Friday, July 25, 2014





Future demands ‘unlearning,’ expert says


February 24. 2014 9:31AM
By Bill O’Boyle boboyle@civitasmedia.com




IF YOU GO

What: The Allan P. Kirby Center Lecture Series in Free Enterprise and Entrepreneurship & The Family Business Alliance Presents: Jack Uldrich

When: Tuesday, 7:30 p.m.

Where: Dorothy Dickson Darte Center for the Performing Arts

More Info: 570-408-4330



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WILKES-BARRE — Futurist Jack Uldrich says the future demands “unlearning.”


Uldrich is the founder and “chief unlearning officer” of The School of Unlearning — an international leadership, change management and technology consultancy dedicated to helping business, governments and non-profit organizations prepare for and profit from periods of profound transformation.


Uldrich, 49, of Minneapolis, Minn., will be at the Dorothy Dickson Darte Center for the Performing Arts Tuesday at 7:30 p.m. as is part of the Allan P. Kirby Center Lecture Series in Free Enterprise and Entrepreneurship & The Family Business Alliance.


Uldrich talked about his business in a telephone interview Tuesday. He said a futurist is someone who helps people “be the present more than they already are.” And, he said, the future is already here.


“We are living in an era of accelerating change,” he said. “I help people extrapolate these trends and explain how they will transform their lives. And I help business leaders with what is coming next.”


Uldrich said he tells people he “demands unlearning” because the future is changing so fast. He said many people can understand much of it and keep up; they have a more difficult time acknowledging what will be irrelevant.


“This requires us to unlearn some thing we know about our jobs or our industries,” he said.


Uldrich said one of his favorite audience-participation exercises asks people to turn to the person next to them and tell them what two colors make up a yield sign on highways.


“Most people respond yellow and black, which was the right answer up until 1971 when yield signs were changed to red and white,” he said. “It’s an example of how something that was learned years ago stayed stuck in their minds even though they have driven by red-and-white yield signs for decades. Many things you have learned yesterday are just not true today and your mind doesn’t recognize it.”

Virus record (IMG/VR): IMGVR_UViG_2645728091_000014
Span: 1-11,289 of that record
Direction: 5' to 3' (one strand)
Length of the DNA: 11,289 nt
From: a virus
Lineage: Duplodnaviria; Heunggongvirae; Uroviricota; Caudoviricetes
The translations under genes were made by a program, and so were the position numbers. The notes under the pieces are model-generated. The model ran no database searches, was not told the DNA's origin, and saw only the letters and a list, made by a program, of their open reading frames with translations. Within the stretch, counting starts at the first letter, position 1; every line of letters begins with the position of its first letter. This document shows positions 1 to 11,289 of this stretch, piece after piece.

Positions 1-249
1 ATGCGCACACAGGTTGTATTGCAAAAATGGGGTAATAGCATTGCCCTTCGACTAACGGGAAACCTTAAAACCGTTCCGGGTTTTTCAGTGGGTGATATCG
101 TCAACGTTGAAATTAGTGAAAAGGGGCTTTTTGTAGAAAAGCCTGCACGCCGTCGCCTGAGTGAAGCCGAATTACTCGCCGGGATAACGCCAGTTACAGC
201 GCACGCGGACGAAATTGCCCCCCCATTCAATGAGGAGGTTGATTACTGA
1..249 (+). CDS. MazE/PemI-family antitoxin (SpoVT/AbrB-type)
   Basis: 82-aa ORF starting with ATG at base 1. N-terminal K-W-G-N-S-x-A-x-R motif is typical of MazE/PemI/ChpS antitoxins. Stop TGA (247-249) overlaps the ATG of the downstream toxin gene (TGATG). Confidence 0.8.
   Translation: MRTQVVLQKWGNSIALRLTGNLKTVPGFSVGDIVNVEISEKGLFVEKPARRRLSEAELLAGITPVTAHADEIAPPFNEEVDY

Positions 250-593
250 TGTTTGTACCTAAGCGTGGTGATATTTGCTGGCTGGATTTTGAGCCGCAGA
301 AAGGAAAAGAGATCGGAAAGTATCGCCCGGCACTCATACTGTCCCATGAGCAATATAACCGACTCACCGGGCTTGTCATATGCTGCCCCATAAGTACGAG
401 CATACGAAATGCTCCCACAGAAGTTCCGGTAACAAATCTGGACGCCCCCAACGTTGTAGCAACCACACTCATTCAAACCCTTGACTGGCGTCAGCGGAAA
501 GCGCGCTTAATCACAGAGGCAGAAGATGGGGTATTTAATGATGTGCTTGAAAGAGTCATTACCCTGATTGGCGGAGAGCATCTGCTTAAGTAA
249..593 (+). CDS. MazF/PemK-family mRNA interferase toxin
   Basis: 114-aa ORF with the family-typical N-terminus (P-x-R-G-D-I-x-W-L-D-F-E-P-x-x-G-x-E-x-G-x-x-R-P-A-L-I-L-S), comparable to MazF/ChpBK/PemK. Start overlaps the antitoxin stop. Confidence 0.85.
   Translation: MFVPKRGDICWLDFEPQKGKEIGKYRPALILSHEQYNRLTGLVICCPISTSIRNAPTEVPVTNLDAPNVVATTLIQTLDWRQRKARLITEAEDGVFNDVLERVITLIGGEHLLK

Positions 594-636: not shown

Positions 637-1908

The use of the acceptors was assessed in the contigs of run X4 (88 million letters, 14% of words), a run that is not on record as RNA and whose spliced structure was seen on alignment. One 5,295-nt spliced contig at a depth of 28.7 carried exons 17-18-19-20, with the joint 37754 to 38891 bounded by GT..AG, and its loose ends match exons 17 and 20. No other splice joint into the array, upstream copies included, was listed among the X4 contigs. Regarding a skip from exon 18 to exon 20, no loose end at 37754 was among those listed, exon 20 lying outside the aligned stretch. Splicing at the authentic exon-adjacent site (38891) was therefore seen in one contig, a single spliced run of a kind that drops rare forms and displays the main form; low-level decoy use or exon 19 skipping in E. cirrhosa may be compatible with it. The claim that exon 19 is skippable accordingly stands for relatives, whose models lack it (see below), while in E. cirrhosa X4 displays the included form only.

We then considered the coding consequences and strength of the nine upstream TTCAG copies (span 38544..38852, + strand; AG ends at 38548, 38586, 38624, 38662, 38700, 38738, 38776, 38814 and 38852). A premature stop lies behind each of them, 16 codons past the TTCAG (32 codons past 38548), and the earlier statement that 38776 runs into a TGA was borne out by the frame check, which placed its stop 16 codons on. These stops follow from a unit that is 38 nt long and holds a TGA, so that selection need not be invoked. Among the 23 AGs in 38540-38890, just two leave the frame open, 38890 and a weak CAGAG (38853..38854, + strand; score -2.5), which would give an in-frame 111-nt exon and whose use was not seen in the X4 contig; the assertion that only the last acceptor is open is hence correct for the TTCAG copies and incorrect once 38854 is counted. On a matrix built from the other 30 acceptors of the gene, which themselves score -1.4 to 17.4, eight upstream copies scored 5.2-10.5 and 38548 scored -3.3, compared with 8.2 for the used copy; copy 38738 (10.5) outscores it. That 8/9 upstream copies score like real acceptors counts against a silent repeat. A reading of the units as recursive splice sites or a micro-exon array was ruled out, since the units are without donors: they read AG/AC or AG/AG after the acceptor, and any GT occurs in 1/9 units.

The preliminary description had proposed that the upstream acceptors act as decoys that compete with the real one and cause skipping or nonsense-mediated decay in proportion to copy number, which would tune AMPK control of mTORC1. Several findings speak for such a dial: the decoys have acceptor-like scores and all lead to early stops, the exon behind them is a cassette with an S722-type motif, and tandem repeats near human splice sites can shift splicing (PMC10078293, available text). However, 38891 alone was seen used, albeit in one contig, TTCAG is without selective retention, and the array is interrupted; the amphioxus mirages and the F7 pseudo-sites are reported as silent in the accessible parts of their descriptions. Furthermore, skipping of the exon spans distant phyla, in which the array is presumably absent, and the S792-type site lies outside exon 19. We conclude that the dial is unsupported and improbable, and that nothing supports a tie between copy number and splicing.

Uldrich said if he does his job correctly, people will leave his presentation with two distinct feelings: half will be very anxious and maybe frightened at the pace of change, and the other half, usually the younger half, will leave excited and optimistic.


“At the end of the day we all have to adapt to this changing world,” he said. “Some people are excited by this and attack it. But we all have to adapt to meet change. People are capable of adapting and I try to show them how much they have already adapted to changes.”


Uldrich said no one likes change, but when he asks people if they have lived through positive change, most say they have. “Maybe they don’t like it, but many changes have occurred and the end result is more often than not quite positive,” he said.


Uldrich is a frequent speaker on the technology, change management and leadership lecture circuits, and has addressed numerous businesses, trade associations and investment groups around the world, including IBM, Cisco, USAA, General Electric, Wipro, PepsiCo, United Healthcare, SouthernCompany, Novo Nordisk, Verizon, General Mills, Pfizer and the U.S. Chamber of Commerce. He is also a regular guest on CNBC, MSNBC and CNN.


A former naval intelligence officer and Defense Department official, Uldrich also served as the Director of the Minnesota Office of Strategic and Long Range Planning under Gov. Jesse Ventura.




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